After what seemed forever tossing and turning in her lonely bunk, she climbed down and marched across the room, ignoring the boys busy with their various evening pursuits, and out the door.  As expected, Rachel was ringing out the day sitting on the porch swing with a cup of tea in her hand.  Lou crossed the yard to join her.
            For a long time, they sat there saying nothing, simply enjoying the quiet peace of the deepening twilight and the uncomplicated nature of each other’s company.
            Eventually, Rachel broke the silence.
            “So, you never said what exactly made you so late,” she said.  “We were all worried about you, ya know?  Even Teaspoon was talkin’ about mountin’ a search party if ya weren’t back by dinner.”
            “I know,” Lou muttered, nervously shoving an unruly hank of hair behind her ear and looking off into the distance to avoid meeting Rachel’s gaze.  
            “Lovin’ a woman like you ain’t easy,” Rachel said with a small smile, letting her hand fall comfortably to Lou’s leg on the seat next to her.  “Kid’s doin’ the best he can.  He’ll learn.  Give him some time.”
            Lou looked away without answering.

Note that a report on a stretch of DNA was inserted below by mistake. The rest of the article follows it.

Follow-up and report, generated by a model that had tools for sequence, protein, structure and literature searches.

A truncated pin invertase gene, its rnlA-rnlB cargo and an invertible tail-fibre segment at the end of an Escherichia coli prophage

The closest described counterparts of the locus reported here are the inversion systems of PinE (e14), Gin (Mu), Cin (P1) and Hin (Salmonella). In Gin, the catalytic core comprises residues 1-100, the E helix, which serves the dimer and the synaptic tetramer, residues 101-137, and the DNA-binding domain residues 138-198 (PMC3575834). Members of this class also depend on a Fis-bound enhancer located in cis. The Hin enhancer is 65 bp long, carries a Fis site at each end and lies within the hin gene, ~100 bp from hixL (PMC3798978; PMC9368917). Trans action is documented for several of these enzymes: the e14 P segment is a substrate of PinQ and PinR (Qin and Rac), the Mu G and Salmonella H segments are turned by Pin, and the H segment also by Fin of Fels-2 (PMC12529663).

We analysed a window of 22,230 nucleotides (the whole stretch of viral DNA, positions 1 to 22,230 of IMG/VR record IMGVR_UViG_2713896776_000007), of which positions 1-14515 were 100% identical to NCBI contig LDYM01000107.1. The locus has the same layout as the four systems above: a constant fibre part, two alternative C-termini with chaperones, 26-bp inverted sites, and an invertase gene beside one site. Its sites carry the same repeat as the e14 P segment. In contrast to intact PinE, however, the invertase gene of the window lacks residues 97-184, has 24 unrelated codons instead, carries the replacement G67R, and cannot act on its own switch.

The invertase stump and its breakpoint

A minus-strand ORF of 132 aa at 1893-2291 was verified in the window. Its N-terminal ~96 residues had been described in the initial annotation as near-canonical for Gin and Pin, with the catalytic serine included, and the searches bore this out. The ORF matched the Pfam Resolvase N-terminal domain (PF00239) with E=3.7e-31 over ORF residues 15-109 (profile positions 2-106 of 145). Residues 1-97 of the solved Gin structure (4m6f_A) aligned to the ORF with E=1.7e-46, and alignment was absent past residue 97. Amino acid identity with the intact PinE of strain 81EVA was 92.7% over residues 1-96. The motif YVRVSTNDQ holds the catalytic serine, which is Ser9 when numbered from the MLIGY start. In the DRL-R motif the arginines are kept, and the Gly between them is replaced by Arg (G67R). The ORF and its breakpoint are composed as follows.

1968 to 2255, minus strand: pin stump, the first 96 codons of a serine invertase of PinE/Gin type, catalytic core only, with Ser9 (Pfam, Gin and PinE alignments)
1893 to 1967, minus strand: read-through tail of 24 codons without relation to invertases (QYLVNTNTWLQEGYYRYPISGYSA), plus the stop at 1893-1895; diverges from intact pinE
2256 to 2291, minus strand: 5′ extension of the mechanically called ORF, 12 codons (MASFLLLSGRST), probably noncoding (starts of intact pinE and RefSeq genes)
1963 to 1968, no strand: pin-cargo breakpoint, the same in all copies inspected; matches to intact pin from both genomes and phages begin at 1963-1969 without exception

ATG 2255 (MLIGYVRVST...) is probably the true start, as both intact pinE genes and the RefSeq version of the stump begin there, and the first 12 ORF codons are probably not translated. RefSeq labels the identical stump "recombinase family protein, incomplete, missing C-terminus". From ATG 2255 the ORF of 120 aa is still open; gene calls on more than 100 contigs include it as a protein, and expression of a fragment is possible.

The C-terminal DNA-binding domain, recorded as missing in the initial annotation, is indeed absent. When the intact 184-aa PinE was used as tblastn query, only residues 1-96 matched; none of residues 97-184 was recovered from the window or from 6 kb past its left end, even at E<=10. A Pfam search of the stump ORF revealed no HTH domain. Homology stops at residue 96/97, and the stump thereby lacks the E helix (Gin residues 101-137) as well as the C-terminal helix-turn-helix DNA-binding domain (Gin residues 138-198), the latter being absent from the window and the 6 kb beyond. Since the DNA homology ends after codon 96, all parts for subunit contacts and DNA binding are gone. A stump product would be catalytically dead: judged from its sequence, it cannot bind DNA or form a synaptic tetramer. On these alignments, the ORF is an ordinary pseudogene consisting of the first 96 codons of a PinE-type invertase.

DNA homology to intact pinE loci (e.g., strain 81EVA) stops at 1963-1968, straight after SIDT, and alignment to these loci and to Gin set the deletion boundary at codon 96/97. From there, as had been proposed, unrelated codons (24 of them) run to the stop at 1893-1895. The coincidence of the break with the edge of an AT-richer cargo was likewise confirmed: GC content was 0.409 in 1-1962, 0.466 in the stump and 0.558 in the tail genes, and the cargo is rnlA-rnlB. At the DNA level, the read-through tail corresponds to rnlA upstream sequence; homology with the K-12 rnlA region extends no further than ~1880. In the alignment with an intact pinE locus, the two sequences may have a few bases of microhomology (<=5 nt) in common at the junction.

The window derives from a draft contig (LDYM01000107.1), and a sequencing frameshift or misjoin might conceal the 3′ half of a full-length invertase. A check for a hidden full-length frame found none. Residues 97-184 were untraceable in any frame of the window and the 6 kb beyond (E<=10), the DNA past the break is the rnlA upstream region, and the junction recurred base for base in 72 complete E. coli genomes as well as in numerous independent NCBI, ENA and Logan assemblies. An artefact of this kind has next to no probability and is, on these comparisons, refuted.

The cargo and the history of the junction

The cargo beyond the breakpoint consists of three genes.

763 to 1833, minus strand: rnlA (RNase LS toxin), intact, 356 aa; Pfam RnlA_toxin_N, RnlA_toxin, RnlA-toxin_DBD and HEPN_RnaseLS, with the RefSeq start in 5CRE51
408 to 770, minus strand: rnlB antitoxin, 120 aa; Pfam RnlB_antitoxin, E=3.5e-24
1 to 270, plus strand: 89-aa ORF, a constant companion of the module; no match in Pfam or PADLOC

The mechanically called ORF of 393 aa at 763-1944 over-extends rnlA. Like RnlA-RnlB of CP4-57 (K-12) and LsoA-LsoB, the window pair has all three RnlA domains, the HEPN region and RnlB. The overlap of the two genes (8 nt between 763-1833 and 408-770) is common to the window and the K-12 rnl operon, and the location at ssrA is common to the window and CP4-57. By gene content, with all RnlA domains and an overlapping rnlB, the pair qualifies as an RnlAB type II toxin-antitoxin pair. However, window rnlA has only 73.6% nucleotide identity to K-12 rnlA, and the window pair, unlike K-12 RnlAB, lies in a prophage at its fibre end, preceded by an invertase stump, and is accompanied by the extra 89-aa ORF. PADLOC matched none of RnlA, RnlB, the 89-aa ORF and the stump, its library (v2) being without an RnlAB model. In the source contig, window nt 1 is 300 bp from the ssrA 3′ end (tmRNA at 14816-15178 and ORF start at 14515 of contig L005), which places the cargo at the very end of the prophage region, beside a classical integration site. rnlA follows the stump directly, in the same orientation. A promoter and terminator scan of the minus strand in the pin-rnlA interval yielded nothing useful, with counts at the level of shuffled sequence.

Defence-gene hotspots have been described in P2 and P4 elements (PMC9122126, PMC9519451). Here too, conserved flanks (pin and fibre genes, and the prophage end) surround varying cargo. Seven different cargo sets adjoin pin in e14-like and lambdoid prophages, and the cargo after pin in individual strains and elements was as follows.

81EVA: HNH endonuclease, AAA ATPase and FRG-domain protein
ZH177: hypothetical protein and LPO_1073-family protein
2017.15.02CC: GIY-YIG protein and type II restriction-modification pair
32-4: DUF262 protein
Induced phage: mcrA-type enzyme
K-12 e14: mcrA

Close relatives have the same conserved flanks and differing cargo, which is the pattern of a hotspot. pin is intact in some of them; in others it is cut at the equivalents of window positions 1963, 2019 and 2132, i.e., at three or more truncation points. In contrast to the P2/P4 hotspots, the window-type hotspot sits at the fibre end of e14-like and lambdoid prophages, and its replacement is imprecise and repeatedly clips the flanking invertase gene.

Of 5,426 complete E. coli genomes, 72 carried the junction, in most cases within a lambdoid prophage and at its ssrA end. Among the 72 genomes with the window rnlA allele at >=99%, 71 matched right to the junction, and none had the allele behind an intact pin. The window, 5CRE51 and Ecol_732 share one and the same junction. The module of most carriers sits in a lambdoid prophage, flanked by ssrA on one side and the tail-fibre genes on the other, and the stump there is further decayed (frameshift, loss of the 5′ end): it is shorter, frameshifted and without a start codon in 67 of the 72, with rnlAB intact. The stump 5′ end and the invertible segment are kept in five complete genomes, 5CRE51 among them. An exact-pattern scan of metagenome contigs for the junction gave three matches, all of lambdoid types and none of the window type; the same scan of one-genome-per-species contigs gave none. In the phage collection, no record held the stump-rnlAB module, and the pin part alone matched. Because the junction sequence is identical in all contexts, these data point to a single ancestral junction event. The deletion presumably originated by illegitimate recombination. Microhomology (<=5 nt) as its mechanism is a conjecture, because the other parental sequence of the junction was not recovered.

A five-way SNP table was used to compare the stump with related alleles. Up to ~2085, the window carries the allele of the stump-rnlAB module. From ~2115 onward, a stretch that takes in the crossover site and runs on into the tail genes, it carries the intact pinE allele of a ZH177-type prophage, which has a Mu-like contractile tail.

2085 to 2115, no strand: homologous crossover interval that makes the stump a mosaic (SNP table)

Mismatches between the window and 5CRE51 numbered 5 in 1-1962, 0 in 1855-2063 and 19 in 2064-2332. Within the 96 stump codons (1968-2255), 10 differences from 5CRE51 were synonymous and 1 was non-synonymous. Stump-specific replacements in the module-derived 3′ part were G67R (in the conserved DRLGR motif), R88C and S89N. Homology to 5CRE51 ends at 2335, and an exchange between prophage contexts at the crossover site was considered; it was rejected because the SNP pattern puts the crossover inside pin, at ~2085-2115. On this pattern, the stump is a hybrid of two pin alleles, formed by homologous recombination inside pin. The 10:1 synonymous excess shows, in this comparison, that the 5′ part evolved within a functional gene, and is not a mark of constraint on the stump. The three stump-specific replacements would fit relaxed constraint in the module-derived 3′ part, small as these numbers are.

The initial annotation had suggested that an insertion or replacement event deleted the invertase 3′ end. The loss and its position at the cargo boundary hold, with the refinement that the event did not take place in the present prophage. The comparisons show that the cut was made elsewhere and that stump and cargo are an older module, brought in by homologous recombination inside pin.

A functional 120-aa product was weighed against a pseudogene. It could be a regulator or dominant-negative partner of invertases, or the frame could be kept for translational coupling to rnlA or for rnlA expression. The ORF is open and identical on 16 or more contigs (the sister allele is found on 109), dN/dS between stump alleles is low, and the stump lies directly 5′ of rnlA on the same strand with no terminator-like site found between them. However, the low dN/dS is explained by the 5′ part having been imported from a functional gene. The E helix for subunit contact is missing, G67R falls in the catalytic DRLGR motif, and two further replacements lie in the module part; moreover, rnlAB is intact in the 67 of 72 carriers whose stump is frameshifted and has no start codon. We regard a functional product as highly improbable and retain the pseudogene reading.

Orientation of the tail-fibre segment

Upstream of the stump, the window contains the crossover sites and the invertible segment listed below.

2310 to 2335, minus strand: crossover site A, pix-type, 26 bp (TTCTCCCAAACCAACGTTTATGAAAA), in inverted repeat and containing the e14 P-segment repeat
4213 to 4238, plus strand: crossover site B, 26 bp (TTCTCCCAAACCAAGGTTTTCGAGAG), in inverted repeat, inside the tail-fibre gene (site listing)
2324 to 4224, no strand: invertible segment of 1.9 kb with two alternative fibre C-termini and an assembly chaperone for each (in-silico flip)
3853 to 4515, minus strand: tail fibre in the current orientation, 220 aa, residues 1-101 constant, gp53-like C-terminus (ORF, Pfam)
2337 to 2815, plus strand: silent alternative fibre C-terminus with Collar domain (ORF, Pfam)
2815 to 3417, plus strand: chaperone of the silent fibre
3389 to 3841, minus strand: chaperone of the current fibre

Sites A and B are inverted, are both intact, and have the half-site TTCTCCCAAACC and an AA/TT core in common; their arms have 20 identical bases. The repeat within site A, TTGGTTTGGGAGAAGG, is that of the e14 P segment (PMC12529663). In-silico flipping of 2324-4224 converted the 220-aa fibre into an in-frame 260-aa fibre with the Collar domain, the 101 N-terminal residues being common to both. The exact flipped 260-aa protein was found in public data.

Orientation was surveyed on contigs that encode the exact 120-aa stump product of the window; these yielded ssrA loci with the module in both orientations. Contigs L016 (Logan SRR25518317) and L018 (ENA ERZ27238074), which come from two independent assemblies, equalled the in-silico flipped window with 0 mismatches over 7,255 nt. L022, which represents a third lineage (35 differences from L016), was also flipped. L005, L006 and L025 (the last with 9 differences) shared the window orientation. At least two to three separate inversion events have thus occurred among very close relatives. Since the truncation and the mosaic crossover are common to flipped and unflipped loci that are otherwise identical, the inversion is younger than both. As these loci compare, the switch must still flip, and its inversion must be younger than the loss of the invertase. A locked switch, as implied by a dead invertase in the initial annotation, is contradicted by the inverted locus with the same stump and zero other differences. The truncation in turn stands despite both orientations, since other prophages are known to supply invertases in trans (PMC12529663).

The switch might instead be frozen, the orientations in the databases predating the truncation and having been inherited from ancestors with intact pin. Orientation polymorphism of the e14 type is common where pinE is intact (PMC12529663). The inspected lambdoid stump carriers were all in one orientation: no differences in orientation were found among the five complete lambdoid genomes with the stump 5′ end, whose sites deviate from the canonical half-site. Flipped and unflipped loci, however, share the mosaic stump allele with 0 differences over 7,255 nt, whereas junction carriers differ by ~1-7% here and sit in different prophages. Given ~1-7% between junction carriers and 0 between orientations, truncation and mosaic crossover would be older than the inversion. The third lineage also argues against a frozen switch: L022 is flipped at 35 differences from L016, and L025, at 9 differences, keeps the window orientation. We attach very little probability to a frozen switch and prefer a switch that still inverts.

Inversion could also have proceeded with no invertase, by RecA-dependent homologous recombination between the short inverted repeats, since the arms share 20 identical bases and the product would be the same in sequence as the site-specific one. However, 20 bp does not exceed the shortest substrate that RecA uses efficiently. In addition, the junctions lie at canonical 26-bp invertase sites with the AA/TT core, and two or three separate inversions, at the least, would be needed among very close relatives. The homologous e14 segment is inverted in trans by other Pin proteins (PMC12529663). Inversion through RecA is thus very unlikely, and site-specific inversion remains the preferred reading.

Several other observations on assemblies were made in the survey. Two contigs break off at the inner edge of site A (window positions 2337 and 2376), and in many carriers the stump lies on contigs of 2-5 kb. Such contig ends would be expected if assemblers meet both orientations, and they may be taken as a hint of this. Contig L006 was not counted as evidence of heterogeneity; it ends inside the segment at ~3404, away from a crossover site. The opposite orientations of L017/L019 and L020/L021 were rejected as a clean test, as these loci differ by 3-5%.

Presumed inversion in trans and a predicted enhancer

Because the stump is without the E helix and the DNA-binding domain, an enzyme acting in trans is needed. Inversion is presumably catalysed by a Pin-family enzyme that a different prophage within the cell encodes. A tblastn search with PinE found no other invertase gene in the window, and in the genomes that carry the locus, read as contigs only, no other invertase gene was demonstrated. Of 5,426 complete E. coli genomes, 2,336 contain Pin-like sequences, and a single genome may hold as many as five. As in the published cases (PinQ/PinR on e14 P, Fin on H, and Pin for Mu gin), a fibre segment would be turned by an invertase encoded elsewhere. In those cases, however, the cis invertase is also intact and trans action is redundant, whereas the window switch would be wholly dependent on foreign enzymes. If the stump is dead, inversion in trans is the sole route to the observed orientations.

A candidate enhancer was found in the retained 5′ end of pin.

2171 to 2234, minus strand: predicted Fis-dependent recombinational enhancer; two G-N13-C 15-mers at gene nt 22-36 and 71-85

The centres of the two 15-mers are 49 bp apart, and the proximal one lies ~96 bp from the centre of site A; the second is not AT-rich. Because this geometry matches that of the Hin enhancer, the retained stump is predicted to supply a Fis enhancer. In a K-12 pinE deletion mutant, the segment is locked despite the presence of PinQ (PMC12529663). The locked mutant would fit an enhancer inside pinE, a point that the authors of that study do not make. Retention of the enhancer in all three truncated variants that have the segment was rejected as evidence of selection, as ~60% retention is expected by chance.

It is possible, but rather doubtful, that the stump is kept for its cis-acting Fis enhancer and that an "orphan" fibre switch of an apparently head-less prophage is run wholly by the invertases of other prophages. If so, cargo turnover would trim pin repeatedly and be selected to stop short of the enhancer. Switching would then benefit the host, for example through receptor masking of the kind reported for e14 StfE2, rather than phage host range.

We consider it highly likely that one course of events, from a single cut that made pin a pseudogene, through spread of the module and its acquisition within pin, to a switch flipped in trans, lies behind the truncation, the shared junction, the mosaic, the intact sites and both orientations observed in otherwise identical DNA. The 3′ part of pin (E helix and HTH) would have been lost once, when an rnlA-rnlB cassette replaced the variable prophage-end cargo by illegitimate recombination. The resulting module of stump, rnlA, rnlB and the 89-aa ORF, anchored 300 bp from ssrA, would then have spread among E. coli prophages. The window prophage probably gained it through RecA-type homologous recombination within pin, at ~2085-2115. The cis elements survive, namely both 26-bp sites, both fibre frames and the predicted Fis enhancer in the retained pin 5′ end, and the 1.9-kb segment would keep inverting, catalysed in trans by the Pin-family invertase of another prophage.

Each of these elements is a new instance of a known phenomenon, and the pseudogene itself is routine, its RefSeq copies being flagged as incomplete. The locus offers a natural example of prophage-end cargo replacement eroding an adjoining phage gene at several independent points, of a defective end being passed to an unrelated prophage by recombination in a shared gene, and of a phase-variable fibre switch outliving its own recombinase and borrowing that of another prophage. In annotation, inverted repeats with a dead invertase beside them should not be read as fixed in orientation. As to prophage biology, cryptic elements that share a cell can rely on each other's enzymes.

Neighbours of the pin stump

“Lou, you comin’ in?”
            She stiffened at the sound of Kid’s voice as he called to her from the bunkhouse porch.  
            “I’m talkin’ ta Rachel,” she growled back.  “I’ll be in when I’m done.  Do you mind?”
            Kid’s shoulders slumped and he nodded before heading glumly back into the bunkhouse.
            Rachel shook her head. “Don’t you think yer bein’ just a little hard on him?”
Lou turned her head stare at Rachel in astonishment.  “After that trick he pulled today?!”
Rachel nodded.  “He’s just tryin’ ta do the right thing.”
“I’ve been livin’ in the bunkhouse fer about a year now. Are you sayin’ that that’s the wrong thing?”
“No, of course not. It’s just that sometimes things…. change,” Rachel said, trying to tiptoe around what Kid had told her without letting on that she knew.
Lou looked down at her hands clasped in her lap in front of her.  In a small voice, she asked, “What if you don’t want ‘em to?”
“Hmh,” Rachel grunted, smiling a touch sardonically.  With a half laugh she added, “You don’t always have a choice.”
Lou shook her head vigorously, as if trying to shoo away a fly.  “Maybe not. But I got one here and I plan to keep things the way they been,” she said firmly, before standing up and walking away.
Rachel watched Lou cross the yard toward the barn with a frown on her face.
            “Just what are ya plannin’ ta do ta make that happen, young lady?” she asked worriedly.  “How do ya think ta keep a baby from changin’ yer life?”
            Only the wind answered her.
            “Kid,” Rachel said after breakfast the next morning, “help me with the dishes?”
            “Uh, sure,” Kid said, looking longingly over his shoulder as the other riders filed out of the bunkhouse, Lou in the lead.  He’d been hoping to make things up with her, somehow, this morning.